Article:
Geological and botanical features on BM campus
We met with the 313 last Wednesday afternoon. It was a very nice sunny day for the exploration. ESEMers first led the geological exploration. Our route was from Pembroke Arch down to Mill Creek. (Neither botanical nor geological exploration covered the other side of the campus.) I found the geological exploration was not a redundant experience at all. I learned a lot by hearing what other ESEMers said and feedbacks from 313ers. We looked at the rocks in the architecture and observed the geological conformation of the campus. We talked about the fall line and discussed that the geological foundations influenced how human constructed habitats. The anecdote about parking lots and the Rhoads pond was very revealing. We wrapped up when we reached the Mill Creek. The hidden place changed a lot from the last visit about three weeks ago. The thick layers of leaves made our steps clumsy and noisy. To some extent, I felt Bryn Mawr would not have been the same place without this periodically flooding creek.
We walked from the Mill Creek to the Morris Woods. I was very excited about learning about the botanical distribution on campus. I had a similar experience in Shanghai last summer and I took a lot out of that experience. After I came to Bryn Mawr, I realized the plants were very different from what we have back home. (I would not be able to tell had I not had the summer botanical exploration in Shanghai.) Though as we agreed that botanic-wise our campus is very well-labeled, the trip was much more informative than the nomenclature and taxonomy were. I was very impressed by the varieties of creative strategies plants had developed for survival. We observed two shrubs which looked exactly the same. However, their leaves smelt different. The identical appearance was a result of imitation. Those were two distinct species. We also looked at the vines that grew along the tree trunks. I never thought of removing them before because I thought they were simply hanging. But I tried pulling the vine away from the trunk and realized how deep they had grown into the tree. The vines always had nutrition because they stuck on the tree trunk! The competition is hidden by the serene appearance of the woods. We also met three deer (mom and two cubs I think) in the Morris Woods. It was sunset and was getting dark at that time. The eye contact between deer and human must have been interesting. I could not say what the deer were thinking, but we were admiring them – maybe for their beauty.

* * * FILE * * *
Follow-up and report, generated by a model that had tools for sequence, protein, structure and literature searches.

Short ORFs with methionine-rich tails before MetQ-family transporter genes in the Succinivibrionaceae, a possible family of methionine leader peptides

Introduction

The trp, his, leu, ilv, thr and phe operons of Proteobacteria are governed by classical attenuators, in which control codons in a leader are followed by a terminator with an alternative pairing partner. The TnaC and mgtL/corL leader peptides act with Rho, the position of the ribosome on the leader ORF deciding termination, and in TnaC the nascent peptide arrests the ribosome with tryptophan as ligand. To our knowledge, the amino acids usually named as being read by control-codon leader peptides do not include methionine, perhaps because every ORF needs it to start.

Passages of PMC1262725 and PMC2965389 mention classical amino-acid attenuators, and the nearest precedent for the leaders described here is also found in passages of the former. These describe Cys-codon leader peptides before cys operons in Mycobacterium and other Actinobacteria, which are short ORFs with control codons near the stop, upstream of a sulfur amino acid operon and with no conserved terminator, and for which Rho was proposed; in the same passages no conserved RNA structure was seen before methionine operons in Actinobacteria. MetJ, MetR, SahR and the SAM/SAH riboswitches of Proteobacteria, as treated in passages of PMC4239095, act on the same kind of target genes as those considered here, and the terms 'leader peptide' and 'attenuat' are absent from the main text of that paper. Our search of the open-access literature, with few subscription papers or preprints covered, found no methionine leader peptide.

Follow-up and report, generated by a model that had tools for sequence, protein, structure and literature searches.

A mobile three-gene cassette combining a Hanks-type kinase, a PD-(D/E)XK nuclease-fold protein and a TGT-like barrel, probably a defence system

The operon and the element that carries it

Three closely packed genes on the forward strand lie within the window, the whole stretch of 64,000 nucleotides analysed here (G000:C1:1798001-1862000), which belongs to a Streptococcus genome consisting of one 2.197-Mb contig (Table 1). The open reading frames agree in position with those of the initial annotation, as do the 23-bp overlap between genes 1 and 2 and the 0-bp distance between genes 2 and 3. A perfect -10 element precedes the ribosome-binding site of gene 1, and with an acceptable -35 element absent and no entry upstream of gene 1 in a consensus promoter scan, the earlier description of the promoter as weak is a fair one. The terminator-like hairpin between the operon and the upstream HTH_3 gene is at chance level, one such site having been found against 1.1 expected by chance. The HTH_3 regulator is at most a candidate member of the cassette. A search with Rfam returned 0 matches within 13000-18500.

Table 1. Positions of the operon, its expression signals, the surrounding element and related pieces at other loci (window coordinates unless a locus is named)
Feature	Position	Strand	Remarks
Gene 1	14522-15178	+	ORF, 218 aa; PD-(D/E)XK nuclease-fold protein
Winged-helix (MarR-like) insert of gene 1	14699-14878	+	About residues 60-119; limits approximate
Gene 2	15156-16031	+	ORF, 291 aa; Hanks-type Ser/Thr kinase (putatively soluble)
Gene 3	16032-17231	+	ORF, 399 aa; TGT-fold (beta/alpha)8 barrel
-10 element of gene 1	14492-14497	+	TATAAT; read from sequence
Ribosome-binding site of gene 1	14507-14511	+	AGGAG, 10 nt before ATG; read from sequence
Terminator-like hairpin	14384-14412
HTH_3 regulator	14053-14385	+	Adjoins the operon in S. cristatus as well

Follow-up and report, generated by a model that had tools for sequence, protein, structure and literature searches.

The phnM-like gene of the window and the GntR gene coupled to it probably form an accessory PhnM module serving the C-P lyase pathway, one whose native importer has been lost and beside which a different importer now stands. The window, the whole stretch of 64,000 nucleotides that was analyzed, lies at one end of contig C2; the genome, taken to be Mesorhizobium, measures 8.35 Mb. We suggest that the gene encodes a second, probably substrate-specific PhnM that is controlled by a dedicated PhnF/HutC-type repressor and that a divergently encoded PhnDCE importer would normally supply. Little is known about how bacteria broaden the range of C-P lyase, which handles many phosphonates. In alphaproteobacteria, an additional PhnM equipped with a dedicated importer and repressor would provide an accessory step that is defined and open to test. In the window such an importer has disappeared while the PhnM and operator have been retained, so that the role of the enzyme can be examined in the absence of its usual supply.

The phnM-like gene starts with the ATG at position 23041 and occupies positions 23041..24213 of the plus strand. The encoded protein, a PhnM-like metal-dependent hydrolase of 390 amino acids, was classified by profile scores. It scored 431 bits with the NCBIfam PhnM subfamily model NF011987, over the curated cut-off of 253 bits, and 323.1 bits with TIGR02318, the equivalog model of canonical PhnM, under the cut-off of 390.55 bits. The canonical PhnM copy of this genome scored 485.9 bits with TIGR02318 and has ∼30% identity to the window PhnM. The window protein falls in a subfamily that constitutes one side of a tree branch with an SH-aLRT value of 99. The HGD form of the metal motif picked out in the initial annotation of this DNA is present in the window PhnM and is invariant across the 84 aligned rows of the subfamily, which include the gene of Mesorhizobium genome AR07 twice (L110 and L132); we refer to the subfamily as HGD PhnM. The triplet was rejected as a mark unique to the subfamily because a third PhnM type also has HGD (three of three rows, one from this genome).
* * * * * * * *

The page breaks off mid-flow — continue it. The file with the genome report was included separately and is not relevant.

I also loved what 313er said in the discussion we had afterwards. It was derived from their conversation in class about that how we talk about plants was not applicable to how we talk about human beings. In the Morris Woods, several times we talked about whether a plant was native to the land and which one was the invader. However, the similar definition applied in human society would be insulting and unacceptable. Why is that? For the plant, I’ve found invasion and competition are the rules of survival. Are human exempt from this rule? I don’t think so, but we cannot think ourselves as we think of plants. Maybe this is because we have a desire for peace. Maybe this is because we took ourselves on the top of the ecosystem so that we don’t compete with each other but rule the other species.